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Neuroscience. 1997 Jul;79(2):317-21.

Quantal analysis suggests presynaptic involvement in expression of neocortical short- and long-term depression.

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Department of Neurophysiology, Biomedical Research Centre, Osaka University Medical School, Japan.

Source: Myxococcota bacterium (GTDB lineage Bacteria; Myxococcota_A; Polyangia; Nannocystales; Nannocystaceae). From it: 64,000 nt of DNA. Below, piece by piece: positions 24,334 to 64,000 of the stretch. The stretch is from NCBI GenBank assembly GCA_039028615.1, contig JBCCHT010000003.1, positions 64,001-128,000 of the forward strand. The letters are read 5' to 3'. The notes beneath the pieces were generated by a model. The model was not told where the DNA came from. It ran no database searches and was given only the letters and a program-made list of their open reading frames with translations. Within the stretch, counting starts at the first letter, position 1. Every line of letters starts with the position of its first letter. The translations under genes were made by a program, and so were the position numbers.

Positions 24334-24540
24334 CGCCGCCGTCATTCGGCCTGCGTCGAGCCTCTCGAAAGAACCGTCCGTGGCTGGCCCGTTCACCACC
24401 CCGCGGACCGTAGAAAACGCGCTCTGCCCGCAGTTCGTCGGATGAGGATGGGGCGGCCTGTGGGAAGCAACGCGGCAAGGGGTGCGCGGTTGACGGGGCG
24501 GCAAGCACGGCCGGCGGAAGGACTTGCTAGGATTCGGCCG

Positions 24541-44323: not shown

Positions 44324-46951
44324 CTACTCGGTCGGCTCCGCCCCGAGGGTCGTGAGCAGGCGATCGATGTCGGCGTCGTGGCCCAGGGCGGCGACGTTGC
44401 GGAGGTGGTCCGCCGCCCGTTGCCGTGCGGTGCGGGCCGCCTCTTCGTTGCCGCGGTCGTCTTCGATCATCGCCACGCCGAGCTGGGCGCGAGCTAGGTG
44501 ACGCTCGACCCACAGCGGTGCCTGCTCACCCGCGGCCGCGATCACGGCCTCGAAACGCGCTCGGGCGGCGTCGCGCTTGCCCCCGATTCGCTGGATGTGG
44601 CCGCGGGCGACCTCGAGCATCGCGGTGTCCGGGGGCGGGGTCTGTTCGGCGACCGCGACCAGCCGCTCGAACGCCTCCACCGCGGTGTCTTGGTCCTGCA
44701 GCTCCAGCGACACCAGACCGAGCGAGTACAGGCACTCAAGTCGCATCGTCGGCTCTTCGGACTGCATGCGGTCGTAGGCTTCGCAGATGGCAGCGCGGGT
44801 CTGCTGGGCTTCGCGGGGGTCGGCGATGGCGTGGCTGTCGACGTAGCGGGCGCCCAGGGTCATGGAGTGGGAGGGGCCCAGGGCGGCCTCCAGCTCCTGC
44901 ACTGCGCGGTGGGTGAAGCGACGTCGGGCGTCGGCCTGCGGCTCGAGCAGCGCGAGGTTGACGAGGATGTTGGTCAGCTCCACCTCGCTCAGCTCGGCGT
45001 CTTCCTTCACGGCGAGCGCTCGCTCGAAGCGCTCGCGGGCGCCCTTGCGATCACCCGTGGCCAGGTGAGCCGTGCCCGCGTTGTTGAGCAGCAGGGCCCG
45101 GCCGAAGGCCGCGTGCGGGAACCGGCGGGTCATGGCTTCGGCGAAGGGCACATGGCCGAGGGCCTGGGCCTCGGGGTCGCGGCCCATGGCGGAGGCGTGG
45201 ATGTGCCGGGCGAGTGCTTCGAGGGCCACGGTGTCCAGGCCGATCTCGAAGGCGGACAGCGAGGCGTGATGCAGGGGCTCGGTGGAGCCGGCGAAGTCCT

Long-term depression together with long-term potentiation represent popular experimental models to study synaptic plasticity. However, analyses of the mechanisms underlying the expression of cortical long-term depression are in their infancy and have been confined to the hippocampus. Short- and long-term depression in neocortex is not well understood. Here we recorded small excitatory postsynaptic potentials intracellularly from rat visual cortex slices. The responses fluctuated between several amplitude levels suggesting a quantal nature of the synaptic transmission. Consistent changes in the quantal steps accompanied neither paired-pulse depression (50 ms interval within the pair) nor long-term depression (induced by 1 Hz, 5 min stimulation). The amplitude distributions shifted to smaller values suggesting decreases in the number of quanta released without essential changes in the postsynaptic quantal efficiency. Both the coefficient of variation of response amplitudes and the number of response failures increased; cases were encountered suggesting a very low release probability after depression. Changes in quantal content estimated from the deconvolution analysis were correlated with the magnitude of depression. The findings suggest predominantly presynaptic loci for expression of short- and long-term neocortical depressions. The likely underlying mechanism is a decrease in transmitter release probability. Long-term depression decreased the probability so strongly that some inputs became virtually silent.

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